U.S. Energy Information Administration - EIA - Independent Statistics and Analysis
Today in Energy
U.S. crude oil imports from Saudi Arabia and Iraq, two of the United States’ main sources for imported crude oil, have risen since reaching relatively low points in 2014 and 2015. On a combined basis, crude oil imports from these countries are the highest since late 2012. However, recent market developments, including the November 2016 agreement among certain members of the Organization of the Petroleum Exporting Countries (OPEC) to reduce production and the recent widening of price differences between Dubai/Oman crude oil and U.S.-produced Mars crude oil, suggest that U.S. imports from Saudi Arabia and Iraq are now becoming less attractive to U.S. refiners.
In late 2016, high production in Saudi Arabia and Iraq, as well as seasonally low internal demand in Saudi Arabia, contributed to record crude oil exports from Iraq and near-record exports from Saudi Arabia, according to data from the Joint Organizations Data Initiative (JODI). Saudi crude oil exports reached 8.3 million barrels per day (b/d) in November 2016, the highest level since May 2003, before declining to 8.0 million b/d in December. Saudi exports generally increase from August to November as seasonal declines in domestic consumption increase availability of crude oil for export.
In Iraq, exports reached a record high of nearly 4.1 million b/d in November 2016 and remained at that level in December. According to JODI data, Saudi and Iraqi production levels were relatively high prior to the pledged January 2017 production cuts , with December 2016 volumes up 321,000 b/d and 700,000 b/d, respectively, from their year-ago levels, creating an opportunity to increase exports.
Although crude oil exports from Saudi Arabia and Iraq increased in November and December, transit times result in delays before these shipments arrive in the United States. Shipments take about seven weeks to reach the U.S. Gulf Coast from the Persian Gulf after traveling around the southern tip of Africa. Using a smaller vessel capable of transiting the Suez Canal in Egypt, a voyage from the Persian Gulf to the U.S. East Coast takes an estimated five weeks. Traveling from the Persian Gulf to the U.S. West Coast on a Trans-Pacific route requires about six weeks.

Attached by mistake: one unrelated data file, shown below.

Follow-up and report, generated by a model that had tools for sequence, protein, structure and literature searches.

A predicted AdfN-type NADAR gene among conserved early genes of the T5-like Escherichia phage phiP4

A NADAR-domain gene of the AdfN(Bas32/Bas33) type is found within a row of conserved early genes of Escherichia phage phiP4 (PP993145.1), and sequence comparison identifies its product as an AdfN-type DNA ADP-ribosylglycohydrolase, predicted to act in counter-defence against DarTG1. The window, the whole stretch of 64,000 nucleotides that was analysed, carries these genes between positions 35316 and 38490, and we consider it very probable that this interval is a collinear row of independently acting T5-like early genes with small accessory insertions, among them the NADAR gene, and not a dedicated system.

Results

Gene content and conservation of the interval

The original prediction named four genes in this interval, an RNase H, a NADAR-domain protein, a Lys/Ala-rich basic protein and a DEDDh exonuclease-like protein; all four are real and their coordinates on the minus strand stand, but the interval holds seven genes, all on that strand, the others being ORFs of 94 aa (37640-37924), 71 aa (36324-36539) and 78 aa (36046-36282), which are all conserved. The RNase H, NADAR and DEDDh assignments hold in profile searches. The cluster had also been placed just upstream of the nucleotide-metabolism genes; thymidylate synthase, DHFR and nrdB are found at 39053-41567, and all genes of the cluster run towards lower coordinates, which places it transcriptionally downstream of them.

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Given transit times, cargos exported from Saudi Arabia and Iraq in November and December 2016 would be expected arrive in the United States between December 2016 and February 2017. Imports from Saudi Arabia into the United States increased for five consecutive weeks, rising from 1.0 million b/d for the week ending January 6 to 1.3 million b/d for the week ending February 10. Similarly, U.S. imports from Iraq grew for five consecutive weeks, increasing from 373,000 b/d for the week ending December 9, 2016, to 723,000 b/d for the week ending January 13, 2017.
The trend of increasing U.S. imports from Saudi Arabia and Iraq seems unlikely to continue given recent market developments. The price difference between Dubai/Oman medium, sour grade oil, which serves as a benchmark price for similar grades produced throughout the Middle East, and Mars, a U.S. crude oil with similar properties, was relatively low during 2016. For this reason, medium and heavy crude oils from Saudi Arabia and Iraq were relatively attractive to U.S. refiners because they produced a profitable slate of finished products when processed in complex refineries.
After OPEC announced crude oil production cuts in late November 2016, the relative price of Dubai/Oman crude oil rose because the supply reductions pledged by Middle East producers disproportionately affected medium, sour crudes. In January 2017, the price premium of Dubai/Oman over Mars reached its highest level in more than a year, likely encouraging U.S. refiners to process more domestic medium, sour barrels while reducing imports of comparable grades from the Middle East.
Principal contributors: Jeff Barron, Matthew French, Mason Hamilton